Laetiporus sulphureus

Common Names: Chicken-of-the-woods, crab-of-the-woods, sulphur polypore, sulphur shelf
Category: Fungi
Sub-category: Polypores

Its fruit bodies grow as striking golden-yellow shelf-like structures on tree trunks and branches. The cap is small and knob-shaped, overlapping in an irregular pattern. Wide, shaped like a fan and attached direct to the trunk of a tree, it has a shelf-like appearance and is sulphur-yellow to bright orange in colour and has a suedelike texture. When it is old the cap fades to tan or white. The shelves often grow in overlapping clumps, and each one may be anywhere from 5 to 60 cm in diameter and 4 cm thick.The undersurface of the fruit body is made up of tubelike pores rather than gills. It has a white spore print.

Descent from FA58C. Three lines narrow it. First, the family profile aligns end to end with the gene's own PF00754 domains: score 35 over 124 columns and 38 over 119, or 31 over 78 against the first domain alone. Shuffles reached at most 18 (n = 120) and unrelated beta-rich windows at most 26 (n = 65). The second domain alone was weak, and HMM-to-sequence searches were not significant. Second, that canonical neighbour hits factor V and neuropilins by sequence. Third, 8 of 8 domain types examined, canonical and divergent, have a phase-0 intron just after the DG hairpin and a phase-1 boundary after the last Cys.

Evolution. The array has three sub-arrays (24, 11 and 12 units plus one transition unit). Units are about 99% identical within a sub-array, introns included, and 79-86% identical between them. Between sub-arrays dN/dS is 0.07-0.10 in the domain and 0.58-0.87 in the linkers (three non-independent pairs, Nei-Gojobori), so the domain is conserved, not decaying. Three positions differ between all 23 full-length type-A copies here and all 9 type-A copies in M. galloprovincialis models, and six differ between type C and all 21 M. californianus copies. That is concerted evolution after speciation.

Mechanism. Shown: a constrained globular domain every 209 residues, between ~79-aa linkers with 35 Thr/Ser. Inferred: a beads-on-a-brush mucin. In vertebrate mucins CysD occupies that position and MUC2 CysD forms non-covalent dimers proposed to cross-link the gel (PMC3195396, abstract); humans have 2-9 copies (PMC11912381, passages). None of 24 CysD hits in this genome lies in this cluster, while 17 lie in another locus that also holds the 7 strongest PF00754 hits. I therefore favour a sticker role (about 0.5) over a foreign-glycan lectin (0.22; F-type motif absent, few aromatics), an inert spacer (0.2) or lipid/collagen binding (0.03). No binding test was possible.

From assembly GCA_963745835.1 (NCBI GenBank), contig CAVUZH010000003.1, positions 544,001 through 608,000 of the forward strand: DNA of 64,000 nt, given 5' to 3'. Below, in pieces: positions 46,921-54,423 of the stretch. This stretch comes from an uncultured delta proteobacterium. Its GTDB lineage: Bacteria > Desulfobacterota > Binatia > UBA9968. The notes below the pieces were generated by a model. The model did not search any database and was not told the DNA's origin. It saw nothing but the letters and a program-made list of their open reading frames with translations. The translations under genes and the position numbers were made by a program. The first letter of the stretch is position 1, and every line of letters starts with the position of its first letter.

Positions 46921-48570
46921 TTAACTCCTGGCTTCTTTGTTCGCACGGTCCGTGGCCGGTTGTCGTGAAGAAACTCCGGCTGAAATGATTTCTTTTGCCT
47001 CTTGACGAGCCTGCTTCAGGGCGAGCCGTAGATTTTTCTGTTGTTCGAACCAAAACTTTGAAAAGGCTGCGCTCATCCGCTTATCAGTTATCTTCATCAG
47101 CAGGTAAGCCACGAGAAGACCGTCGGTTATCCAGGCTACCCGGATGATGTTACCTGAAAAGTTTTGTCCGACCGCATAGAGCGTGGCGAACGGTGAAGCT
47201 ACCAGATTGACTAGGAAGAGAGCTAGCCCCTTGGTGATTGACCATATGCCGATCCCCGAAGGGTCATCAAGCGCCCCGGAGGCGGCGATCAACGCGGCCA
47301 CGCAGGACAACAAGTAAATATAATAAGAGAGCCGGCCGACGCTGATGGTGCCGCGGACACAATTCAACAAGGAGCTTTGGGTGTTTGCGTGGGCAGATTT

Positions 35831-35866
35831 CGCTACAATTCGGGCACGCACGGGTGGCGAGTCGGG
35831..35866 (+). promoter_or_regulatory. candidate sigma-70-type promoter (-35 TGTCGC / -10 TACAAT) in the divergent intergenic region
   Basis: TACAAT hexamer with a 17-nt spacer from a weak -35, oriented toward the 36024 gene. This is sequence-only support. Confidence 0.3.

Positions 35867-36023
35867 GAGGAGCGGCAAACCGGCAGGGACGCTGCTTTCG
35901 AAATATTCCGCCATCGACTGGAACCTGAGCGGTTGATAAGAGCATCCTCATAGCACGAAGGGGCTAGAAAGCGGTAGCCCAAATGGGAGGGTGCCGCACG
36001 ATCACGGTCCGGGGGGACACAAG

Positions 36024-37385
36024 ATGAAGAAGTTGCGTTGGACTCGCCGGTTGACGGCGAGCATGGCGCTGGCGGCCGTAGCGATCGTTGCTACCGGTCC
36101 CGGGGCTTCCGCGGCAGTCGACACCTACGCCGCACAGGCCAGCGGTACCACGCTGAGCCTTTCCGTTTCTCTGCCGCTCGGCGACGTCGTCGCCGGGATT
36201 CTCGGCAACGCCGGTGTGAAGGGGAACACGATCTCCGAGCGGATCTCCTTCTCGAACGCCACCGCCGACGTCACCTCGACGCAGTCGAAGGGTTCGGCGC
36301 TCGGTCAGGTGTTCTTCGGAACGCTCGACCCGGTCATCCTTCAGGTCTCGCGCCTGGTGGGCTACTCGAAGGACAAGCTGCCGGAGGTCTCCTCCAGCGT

The mushroom grows on dead or mature hardwoods such as oak, cherry and beech from August to October or later, sometime as early as June. The species can also be found under conifers. It can usually be found growing in clusters.

Edible Notes: The chicken-of-the-woods is a fantastic wild edible mushroom when cooked. Texture is stringy and makes a good substitute for chicken meat. The mushroom should not be eaten raw. It is reported that some people are allergic to this mushroom so only a small amount should be tasted the first time consuming.
Warnings: Not known to be dangerous.
Sightings